introducing the atom Introducing the Atom, by Roslyn D. Leeds. Library edition. Harper & Row, New York. 1967. 143 pp., indexed. Profusely illustrated. First edition.

A young person's book exploring atomic structure, elements and their characteristics, molecules and compounds, electricity and magnetism, particles and waves, the atomic nucleus, nuclear fission and fusion, subatomic particles, mass-energy relationships, circular-path and straight-line devices, particle accelerators, man-made elements, cosmic rays, particle detectors, emulsion blocks, masers, lasers, plasma physics, cyogenics, and ultrahigh pressure. With a Glossary and Historical perspectives of the Great Men and Women involved in the Study of the Atom, from Carl Anderson to Hideki Yukawa. $20

modern physics Introducing the Atom, revised edition, by Charles E. Dull, H. Clark Metcalfe, and William O. Brooks. Henry Holt & Company, New York. 1951. 609 pp. plus appendices and index. Profusely illustrated.

High school textbook stressing electronics, nuclear energy, radar, and television, along with alternating current electricity, radio transmission and reception, and the uses of x rays. A classic. In good shape and clean. $10.

modern introductory physics Modern Introductory Physics, revised edition, by Ira M. Freeman. McGraw-Hill Book Company, New York. 1949. 491 pp., indexed. Well illustrated. First edition, second impression.

Introducing physics to college students who have not chosen careers in science. Lots of explanations, light on math. $10.

Natural Philosophy An Introduction to Natural Philosophy Designed as a Text-Book in Physics, for the Use of Students in College, by Denison Olmsted, revised by E. S. Snell and R. G. Kimball. Fourth revised edition by Samuel Sheldon. Charles Collins, Publisher, New York. 1895. 272 pp., plus 2 pages of advertising. Profusely illustrated.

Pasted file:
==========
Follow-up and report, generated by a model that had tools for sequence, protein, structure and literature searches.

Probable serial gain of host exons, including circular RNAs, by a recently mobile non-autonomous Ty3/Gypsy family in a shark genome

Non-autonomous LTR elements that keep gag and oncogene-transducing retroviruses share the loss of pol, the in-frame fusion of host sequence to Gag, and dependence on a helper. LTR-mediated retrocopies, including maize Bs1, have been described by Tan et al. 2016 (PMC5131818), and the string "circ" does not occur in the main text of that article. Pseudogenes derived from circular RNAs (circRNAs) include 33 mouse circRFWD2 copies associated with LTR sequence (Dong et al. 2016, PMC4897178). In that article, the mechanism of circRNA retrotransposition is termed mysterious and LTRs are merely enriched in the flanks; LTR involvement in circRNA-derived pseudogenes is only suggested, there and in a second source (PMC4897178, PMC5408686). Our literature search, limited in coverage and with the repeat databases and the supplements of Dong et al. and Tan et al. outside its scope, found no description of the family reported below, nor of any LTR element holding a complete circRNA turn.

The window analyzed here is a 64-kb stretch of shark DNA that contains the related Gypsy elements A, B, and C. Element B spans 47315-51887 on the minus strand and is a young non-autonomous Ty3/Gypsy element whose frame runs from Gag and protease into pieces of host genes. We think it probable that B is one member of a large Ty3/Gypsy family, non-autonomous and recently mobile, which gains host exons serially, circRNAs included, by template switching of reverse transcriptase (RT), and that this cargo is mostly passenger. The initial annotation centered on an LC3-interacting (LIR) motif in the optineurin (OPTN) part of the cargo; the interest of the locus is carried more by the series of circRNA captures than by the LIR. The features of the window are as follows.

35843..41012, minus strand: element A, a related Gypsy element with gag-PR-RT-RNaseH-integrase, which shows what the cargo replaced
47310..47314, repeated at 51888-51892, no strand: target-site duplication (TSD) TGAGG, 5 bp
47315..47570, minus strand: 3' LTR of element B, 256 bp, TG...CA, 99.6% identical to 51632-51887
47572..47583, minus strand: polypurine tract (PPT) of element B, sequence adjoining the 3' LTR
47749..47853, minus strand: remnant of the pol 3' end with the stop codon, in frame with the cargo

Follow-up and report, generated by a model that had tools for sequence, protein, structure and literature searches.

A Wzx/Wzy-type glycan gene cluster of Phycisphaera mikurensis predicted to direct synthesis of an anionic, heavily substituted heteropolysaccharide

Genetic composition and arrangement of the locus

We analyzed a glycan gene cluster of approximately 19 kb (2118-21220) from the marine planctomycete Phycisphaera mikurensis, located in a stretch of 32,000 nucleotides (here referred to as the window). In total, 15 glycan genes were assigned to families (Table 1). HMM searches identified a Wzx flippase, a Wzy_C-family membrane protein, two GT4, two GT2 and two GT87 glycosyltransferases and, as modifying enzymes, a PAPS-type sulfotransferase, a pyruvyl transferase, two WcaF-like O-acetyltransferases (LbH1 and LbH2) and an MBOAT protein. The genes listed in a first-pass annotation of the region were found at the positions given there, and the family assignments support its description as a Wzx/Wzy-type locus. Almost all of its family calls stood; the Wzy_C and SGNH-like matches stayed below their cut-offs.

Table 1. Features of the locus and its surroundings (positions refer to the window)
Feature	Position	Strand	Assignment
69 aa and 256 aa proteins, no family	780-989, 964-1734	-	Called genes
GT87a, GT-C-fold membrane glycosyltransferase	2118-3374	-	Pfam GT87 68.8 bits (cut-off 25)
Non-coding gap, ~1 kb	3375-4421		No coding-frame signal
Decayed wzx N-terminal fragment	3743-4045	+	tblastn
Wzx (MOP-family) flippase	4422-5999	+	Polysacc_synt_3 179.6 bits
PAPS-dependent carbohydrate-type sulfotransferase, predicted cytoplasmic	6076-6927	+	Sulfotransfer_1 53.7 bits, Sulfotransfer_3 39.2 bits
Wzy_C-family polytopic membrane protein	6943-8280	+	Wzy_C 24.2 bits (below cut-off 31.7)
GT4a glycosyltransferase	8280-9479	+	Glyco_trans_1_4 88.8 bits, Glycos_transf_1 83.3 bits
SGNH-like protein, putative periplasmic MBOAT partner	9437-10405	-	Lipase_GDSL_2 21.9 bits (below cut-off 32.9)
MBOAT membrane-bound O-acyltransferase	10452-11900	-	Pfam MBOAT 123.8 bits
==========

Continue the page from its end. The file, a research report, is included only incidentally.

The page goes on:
The fourth revised edition of this book is rare indeed, and this edition was published in 1895 when physics was yielding discoveries that would change the world in astonishing ways. A handsome book, in very good shape, with embossed and beveled coffee-brown covers and beautifully preserved gilt lettering and ornamentation. Some fraying at spine and corners, which are bumped. $95.

wireless and radio

Astronomy and Telescope Making Astronomy & Telescope Making

astronomy and telescope making How to Make a Telescope, by Jean Texereau, Engineer of the Optical Laboratory of the Paris Observatory. Interscience Publishers, New York. 1957. 191 pp. Profusely illustrated.

In this very well organized and logical book, Jean Texereau tells the entirely uninstructed amateur how to make a first-class astronomical telescope from start to finish. This is a book for the steady, painstaking worker who wants to become an advanced amateur—one who can turn out an essentially perfect mirror. A beautiful hardcover in very nice condition (no dust jacket). $75.

Carl Sagan, astronomer Carl Sagan: A Life, by Kay Davidson. John Wiley & Sons, New York. 1999. 540 pp., acid-free paper, indexed. Illustrated.

A richly detailed biography of a master of popularizing science. Filled with reminiscences by Sagan's friends and detractors. A beautiful clean copy in a clean, intact dust jacket. $10.

Sir Arthur Stanley Eddington, Astronomer The Nature of the Physical World , by A. S. Eddington. Cambridge at the University Press. 1929. 361 pp., indexed. Some illustrations.

This is an important work by Sir Arthur Stanley Eddington, the Cambridge astronomer whose research with a solar eclipse provided the first scientific support of Einstein's theories. A little wobbly in the binding and slightly browning, but a good copy nonetheless. $45.

The Great Astronomers The Great Astronomers , by Henry Smith Williams. Simon and Schuster, New York. 1930. 619 pp, indexed, with appendices. Beautifully illustrated.

A first edition of the classic survey of the contributions of great astronomers from Thales the Greek on forward throughout history, including such enticing topics as Anaxagoras’ correct conception of the phases of the moon, the epicycles of Hiparchus, Alhazen’s explanation of twilight, how Horras saw the transit of Venus, and on and on. Wonderful! A nice clean copy in good shape, almost no wear on the spine, corners slightly bumped. $45.

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wireless and radio

Wireless, Radio, and Television Wireless, Radio, & Television